St-Imier 2017
Tuesday, November 7, 2017
The Mycelium Model of Glocal Governance - Abstract

Abstract:

The Mycelium Model of Glocal Governance is a governance structure that is parallel to the existing governance structures in the world. It does not aim to replace them. It is complementary to them. It has, however, the inherent power to transform them or to bring about new structures that make them obsolete.

It is glocal, translocal in nature. It is decentralised, powered through the interdependent participation of local and translocal random groups of people.

The Mycelium governance structure does not make decisions. Its function is to facilitate awareness of current consensus in society. Once collective realization arises, there should be no need for making "decisions". However, where decisions are made in the parallel old and emerging governance structures, this collective realization is taken into account as part of agreeing on the chosen path forward.

1) People gathering

From society, people gather in groups, meet at a venue or online, synchronously or asynchronously, with the aim to reach consensus.

2) Consensing process

They make use of best practice methods and tools to help reach and formulate consent or consensus outcomes.

3) Sharing outcomes

The outcomes are shared with the public and amplified to society at large. Evolving best practices will continuously improve the way in which these outcomes are kept retrievable in the most relevant ways.

The implementation of this model works by nursing and cultivating best practices for 1) People gathering, 2) Consensing process and 3) Sharing outcomes. As the quality and best practices in these three fields improve, the attention to these processes and the awareness of its outcomes in society at large will increase.

As this governance culture evolves, it will be increasingly possible to respond to challenges by retrieving information on the existing collective consensus regarding how to handle the challenge.

The Mycelium Model of Glocal Governance represents a fundamental shift away from decision making power structures to a culture of moving forward on agreed paths as a direct result of collective awareness.

The model works with existing institutions, regulations, decision-making paths and control mechanisms and does not directly control how key individuals and other decision-making bodies are to be appointed. It influences these institutions, decision-making and control mechanisms as well as their appointment only in a way in which existing checks and balances are initially unchanged. Newly emerging governance structures evolve their mandate and their checks and balances independently as well, in accordance with current regulations and control mechanisms.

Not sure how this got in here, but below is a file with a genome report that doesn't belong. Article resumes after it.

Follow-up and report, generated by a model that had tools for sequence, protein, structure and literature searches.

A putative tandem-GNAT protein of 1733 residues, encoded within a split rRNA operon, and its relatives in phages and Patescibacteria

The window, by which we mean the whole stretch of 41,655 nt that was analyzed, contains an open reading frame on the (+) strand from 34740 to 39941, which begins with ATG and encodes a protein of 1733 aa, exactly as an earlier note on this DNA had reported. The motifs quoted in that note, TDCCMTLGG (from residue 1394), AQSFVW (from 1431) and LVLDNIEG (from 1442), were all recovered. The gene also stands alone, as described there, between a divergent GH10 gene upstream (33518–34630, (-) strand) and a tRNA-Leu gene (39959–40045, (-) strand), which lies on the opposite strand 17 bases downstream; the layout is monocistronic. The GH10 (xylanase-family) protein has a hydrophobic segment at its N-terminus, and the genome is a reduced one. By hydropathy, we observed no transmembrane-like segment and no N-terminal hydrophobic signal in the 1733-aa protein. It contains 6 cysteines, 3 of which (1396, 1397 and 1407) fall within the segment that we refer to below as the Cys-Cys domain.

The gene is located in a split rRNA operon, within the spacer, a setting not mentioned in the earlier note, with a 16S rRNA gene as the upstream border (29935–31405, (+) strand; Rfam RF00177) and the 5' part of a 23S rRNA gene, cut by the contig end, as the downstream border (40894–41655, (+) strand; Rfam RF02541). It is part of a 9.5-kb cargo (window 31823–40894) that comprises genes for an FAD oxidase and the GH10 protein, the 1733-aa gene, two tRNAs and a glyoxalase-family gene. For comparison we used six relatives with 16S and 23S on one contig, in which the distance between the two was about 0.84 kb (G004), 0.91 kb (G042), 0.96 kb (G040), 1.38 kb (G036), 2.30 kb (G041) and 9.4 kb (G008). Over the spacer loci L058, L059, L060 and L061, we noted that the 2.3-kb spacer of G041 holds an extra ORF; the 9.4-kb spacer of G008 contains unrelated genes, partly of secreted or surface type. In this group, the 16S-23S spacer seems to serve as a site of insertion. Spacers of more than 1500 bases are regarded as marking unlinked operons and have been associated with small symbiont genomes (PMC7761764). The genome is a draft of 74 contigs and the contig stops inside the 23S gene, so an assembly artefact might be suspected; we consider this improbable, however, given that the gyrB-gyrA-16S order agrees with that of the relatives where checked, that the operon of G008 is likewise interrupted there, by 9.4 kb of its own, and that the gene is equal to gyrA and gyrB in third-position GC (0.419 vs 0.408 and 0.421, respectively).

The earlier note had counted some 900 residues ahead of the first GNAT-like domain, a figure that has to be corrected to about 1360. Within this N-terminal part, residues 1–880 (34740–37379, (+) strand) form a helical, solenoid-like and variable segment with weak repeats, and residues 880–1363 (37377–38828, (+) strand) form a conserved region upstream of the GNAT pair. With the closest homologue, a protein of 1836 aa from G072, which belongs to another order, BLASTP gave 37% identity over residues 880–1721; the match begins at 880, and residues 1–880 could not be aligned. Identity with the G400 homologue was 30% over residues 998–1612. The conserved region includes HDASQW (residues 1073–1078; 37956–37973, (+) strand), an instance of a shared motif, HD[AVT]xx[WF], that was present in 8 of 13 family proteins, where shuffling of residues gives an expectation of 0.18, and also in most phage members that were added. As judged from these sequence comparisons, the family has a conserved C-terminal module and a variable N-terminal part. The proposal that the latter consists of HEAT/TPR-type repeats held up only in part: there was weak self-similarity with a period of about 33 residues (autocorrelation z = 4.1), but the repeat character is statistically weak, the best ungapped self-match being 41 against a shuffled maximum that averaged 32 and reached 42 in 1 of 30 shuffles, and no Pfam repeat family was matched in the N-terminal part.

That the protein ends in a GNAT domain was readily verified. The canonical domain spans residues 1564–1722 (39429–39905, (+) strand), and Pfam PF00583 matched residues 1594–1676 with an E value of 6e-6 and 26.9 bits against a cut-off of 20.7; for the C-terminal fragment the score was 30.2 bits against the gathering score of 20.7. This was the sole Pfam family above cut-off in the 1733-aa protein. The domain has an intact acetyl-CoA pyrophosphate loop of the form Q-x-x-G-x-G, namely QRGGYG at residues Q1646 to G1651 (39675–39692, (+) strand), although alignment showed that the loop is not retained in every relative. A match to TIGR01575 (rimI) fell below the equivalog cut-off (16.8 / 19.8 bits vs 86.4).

The premise of the Mycelium model is a bottum up, organic and self-organisational approach that releases the full potential of individuals, communities and affinity groups to manifest change with greater sovereignty in a self-empowered, decentralized way. It at the same time ensures an increased likeyhood that the changes that are manifested are supported by a large consensus in society.

The mycelium is both a local solution and an international solution that can work in tandem, or symbiotically, with existing systems as they are transforming. This is an enlightened, innovative way to approach the challenges we all face today, but it is also a model that is striking through its simplicity. It is spoken in the very language of the nature we are trying to preserve, not only as it relates to the metaphor of the mycelium shape, but also in the way it creates an entire ecosystem for current and future governance best practices and how it works with the nature of the human being instead of against it.

António Guterres, Secretary General of the United Nations on the 19th September 2017 stated:

“The UN needs to decentralise it's decisions and to create a game changing strategy that places more on people than on process.“

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